Red Lorry Yellow Lorry

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Red Lorry Yellow Lorry
Performing live in 2004
Performing live in 2004
Background information
OriginLeeds, England
GenresGothic rock, post-punk
Years active1981–1991, 2003–present
LabelsRed Rhino, Situation Two, Sparkhead
Associated actsChris Reed Unit
  • Chris Reed
  • Dave Wolfenden
  • Ding Archer
  • Martin Henderson
Past members
  • Mark Sweeney
  • Mark Chillington
  • Martin Fagan
  • Paul Southern
  • Steve Smith
  • Mick Brown
  • Chris Oldroyd
  • Gary Weight
  • Martin Scott
  • Leon Phillips
  • Mark Hubbard
  • Marcus Ellis

Red Lorry Yellow Lorry, also known very briefly as the Lorries, are an English rock band formed in Leeds in early 1981 by guitarist and songwriter Chris Reed, vocalist Mark Sweeney, bassist Steve Smith and drummer Mick Brown. After breaking up in 1991, the band reformed in 2003 and have released 5 studio albums over the course of their career.


The band was formed by guitarist/songwriter Chris Reed and vocalist Mark Sweeney, along with bassist Steve Smith and drummer Mick Brown (who would later join The Mission). Sweeney left the band in late 1981 and Reed permanently took over as vocalist, with Martin Fagan joining as a second guitarist. The group's sound, featuring a numbing guitar drone, powerfully throbbing bass, pounding drum machine, and Reed's cavernous vocal tones, caused the Lorries (as their fans came to call them) to be quickly lumped into the then-developing gothic rock scene by pop journalists, although the band themselves denied they were ever associated with goth and preferred to cite Wire as an influence,[1] and said they "were primarily inspired by MC5."[2]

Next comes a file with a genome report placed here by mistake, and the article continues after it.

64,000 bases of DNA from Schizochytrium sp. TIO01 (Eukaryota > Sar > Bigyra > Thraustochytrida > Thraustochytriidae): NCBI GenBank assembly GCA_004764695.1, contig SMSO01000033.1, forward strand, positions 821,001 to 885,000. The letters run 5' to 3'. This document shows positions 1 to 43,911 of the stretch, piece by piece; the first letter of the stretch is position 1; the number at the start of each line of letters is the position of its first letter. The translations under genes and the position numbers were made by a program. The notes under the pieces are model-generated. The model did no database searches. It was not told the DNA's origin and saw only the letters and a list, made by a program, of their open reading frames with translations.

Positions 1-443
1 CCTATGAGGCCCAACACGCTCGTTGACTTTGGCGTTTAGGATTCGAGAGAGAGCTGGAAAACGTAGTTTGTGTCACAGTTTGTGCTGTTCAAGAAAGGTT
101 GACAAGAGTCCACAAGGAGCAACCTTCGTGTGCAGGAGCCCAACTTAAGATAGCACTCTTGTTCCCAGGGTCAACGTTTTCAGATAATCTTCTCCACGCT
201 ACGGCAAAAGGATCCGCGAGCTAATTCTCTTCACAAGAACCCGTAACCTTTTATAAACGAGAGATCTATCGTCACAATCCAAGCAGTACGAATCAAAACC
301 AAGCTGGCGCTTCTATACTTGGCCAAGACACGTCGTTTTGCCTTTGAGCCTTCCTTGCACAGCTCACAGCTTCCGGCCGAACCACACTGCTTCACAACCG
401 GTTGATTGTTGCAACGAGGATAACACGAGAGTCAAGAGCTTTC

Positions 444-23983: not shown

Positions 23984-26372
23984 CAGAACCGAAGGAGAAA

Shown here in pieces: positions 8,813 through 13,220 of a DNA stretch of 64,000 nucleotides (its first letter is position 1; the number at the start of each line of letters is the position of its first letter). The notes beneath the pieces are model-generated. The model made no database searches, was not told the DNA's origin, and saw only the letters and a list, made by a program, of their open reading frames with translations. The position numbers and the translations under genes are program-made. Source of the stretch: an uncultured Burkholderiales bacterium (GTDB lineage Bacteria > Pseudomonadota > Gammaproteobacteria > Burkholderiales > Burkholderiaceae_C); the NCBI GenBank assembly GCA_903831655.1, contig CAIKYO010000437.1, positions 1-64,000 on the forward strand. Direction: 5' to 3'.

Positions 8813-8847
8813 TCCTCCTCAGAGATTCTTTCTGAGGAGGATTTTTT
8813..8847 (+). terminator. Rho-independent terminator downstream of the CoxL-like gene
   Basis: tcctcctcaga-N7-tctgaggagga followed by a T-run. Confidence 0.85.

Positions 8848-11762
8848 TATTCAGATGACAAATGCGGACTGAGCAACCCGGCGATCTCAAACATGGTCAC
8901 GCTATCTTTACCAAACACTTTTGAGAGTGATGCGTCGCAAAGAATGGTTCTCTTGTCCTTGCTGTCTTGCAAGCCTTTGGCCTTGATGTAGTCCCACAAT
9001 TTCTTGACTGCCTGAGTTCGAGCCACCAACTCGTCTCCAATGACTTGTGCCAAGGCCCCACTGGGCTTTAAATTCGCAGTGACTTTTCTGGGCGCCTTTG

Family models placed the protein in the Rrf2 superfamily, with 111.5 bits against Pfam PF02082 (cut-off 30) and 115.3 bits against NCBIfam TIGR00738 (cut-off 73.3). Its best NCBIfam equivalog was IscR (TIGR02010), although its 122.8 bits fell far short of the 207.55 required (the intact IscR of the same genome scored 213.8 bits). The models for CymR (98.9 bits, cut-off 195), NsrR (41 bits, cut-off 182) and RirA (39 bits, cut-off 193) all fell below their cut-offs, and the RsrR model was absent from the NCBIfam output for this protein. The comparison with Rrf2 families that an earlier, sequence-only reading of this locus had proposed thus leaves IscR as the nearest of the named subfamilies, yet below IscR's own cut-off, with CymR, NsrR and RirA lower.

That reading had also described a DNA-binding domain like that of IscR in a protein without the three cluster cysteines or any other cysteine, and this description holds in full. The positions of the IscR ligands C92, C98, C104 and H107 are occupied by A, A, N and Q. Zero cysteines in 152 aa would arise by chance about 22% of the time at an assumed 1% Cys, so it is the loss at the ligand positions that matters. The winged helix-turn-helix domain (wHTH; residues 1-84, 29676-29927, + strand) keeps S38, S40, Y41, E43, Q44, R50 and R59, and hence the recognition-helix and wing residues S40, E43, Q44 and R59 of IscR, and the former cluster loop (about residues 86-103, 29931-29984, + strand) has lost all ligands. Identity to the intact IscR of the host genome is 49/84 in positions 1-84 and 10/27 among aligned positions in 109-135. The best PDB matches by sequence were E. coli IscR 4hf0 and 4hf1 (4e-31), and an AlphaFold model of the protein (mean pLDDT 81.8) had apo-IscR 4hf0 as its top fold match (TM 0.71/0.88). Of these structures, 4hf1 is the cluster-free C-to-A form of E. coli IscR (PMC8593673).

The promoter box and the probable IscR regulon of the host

In 1982, the Lorries' manager Dave Hall provided independent record label Red Rhino with a cassette of the group's demos.[3] Impressed by the quality of the songs, Red Rhino label head "Tony K" (Tony Kostrzewa)[4] signed the band and immediately released "Beating My Head" unchanged from the demo as the band's debut single.[5] The song made a strong appearance on the influential NME independent record chart. Fagan and Smith soon departed the band, to be replaced by Dave Wolfenden and Paul Southern respectively. Afterwards, bassist Southern was replaced by Leon Phillips. While numerous additional personnel changes would occur in the history of the band, Wolfenden became a mainstay and a frequent songwriting partner of Reed's during the band's most productive period. In 1983 and 1984, the band released several more singles (including "He's Read" and "Monkeys On Juice", which reached No. 9 on the NME indie chart[6]). John Peel was an early supporter, and the band recorded two radio sessions for him in March and November 1983[3][7] (released on CD in 2014 as BBC Sessions 1983 - 1984, part of the band's 3-CD compilation See the Fire).